NPR logo Music Magazine Spins Reviews To Twitter


Music Magazine Spins Reviews To Twitter

Audio is no longer available

Can you capture the essence of an album in just 140 characters? Leonieke Aalders/flickr hide caption

toggle caption
Leonieke Aalders/flickr

Can you capture the essence of an album in just 140 characters?

Leonieke Aalders/flickr

In 2012, Spin magazine plans to review 1,500 albums and mixtapes exclusively in 140-character tweets on the @SPINReviews Twitter feed. The music magazine recently abandoned its 80-word reviews for the new Twitter format.

Though some critics say the new format is killing the art of the music review, Spin senior editor Christopher Weingarten argues that the change is a response to the evolution of music criticism. He says that in many cases, 140 characters is just enough.

"I think it's unfair to think that every album is a special snowflake that deserves more than a blurb or a putdown," Weingarten tells NPR's Neal Conan. "Some records don't deserve more than a sentence."

Weingarten has been reviewing albums on Twitter since 2009, when he reviewed 1,000 albums on his Twitter account @1000TimesYes. He says the new format will allow readers to get involved on the level they prefer.

"Some people are rabid downloaders and spend entire days torrenting records. Other people just want a recommendation or two. I think this new system allows for both of those people to come to Spin magazine and find what they want."

Here, Weingarten and Conan discuss the future of music criticism and the thrill of reviewing by tweet.

Album reviews from listeners:

Kanye West's College Dropout
Kanye West's "College Dropout": Soulful backpacker questions the conventions of hip-hop and society; perfect in its imperfection.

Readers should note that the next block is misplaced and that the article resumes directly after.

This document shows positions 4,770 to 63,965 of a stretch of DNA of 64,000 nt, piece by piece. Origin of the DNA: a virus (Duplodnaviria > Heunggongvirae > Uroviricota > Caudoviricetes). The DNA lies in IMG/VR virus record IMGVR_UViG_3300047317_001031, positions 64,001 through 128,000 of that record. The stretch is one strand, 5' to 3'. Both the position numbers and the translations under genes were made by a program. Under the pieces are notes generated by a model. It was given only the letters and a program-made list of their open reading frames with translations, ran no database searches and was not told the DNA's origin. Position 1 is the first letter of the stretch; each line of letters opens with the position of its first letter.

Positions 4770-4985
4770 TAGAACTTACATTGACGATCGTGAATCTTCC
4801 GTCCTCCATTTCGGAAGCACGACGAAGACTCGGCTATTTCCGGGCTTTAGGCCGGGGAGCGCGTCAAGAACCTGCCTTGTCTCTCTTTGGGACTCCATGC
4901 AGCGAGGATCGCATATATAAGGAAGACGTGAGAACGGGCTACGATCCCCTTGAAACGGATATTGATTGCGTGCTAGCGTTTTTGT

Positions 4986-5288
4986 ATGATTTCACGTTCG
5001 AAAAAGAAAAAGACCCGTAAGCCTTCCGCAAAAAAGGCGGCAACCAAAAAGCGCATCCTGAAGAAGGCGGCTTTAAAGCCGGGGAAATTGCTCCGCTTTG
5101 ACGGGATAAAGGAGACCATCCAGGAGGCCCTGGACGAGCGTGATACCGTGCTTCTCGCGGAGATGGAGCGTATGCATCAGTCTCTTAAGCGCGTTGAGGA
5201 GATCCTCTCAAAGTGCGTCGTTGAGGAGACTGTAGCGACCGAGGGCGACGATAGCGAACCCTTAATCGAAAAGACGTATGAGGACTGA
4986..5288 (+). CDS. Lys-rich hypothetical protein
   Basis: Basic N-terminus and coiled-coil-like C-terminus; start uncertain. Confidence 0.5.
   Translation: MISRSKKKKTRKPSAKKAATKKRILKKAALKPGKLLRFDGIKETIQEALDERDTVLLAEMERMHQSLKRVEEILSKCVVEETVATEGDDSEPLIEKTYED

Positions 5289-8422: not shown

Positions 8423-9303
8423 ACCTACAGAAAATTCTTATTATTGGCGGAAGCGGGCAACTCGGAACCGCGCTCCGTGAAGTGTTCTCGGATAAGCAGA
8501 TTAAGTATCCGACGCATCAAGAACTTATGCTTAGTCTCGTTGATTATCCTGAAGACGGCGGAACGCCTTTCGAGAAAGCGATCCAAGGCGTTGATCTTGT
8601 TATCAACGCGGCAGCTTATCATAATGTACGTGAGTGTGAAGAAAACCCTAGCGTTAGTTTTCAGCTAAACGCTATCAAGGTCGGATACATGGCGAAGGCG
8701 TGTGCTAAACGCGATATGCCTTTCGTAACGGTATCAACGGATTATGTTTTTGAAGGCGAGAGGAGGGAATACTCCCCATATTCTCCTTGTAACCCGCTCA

Bruce Springsteen's Nebraska
"Nebraska" is a beautifully solitary ghost, haunting you through the barren wastelands of the Midwest.
Rob Rioux

ELO's Out of the Blue
ELO out of the blue. Why albums were created and anything but blue.
Mark Ford

Kiss' Live!
Well worth smuggling into the house in your parents' Pat Boone album cover!
Joan Netzer

MGMT's Oracular Spectacular
Psychedelic English majors playing majorly English psychedelia.
Gordon Smith

Run DMC's Raising Hell
Run-DMC's "Raising Hell": The blueprint for modern-day rap and hip-hop music. Music that digs into the drum of your soul and inspires.

Paul Simon's Graceland
Any album that still makes you weep all these years later deserves a mention: Graceland. Diamonds on the soles of her shoes.
Sherry White

Grateful Dead's American Beauty
Grateful Dead - American Beauty: A trip through your American culture. It truly is an American Beauty.

Radiohead's Kid A
Radiohead's Kid A is utterly brilliant. An emotional journey that is not to be missed.

Led Zeppelin's Led Zepplin 1
Led Zep 1 had me Dazed & Confused. Through Good Times & Bad Times the music Shook Me. I still Can't Quit my Black Mountain Side.

The Beatles' Sgt. Pepper's Lonely Hearts Club Band
The Beatles, Sgt. Pepper's — album conjures magic: picture yourself in a boat on a river, with tangerine trees & Marmalade skies.

Prince's Purple Rain
THE soundtrack of the late 1980s. When Doves Cry makes your heart beat. Darling Nikki invents the PRMC, and Purple Rain makes your arms sway.
Angela Ulrich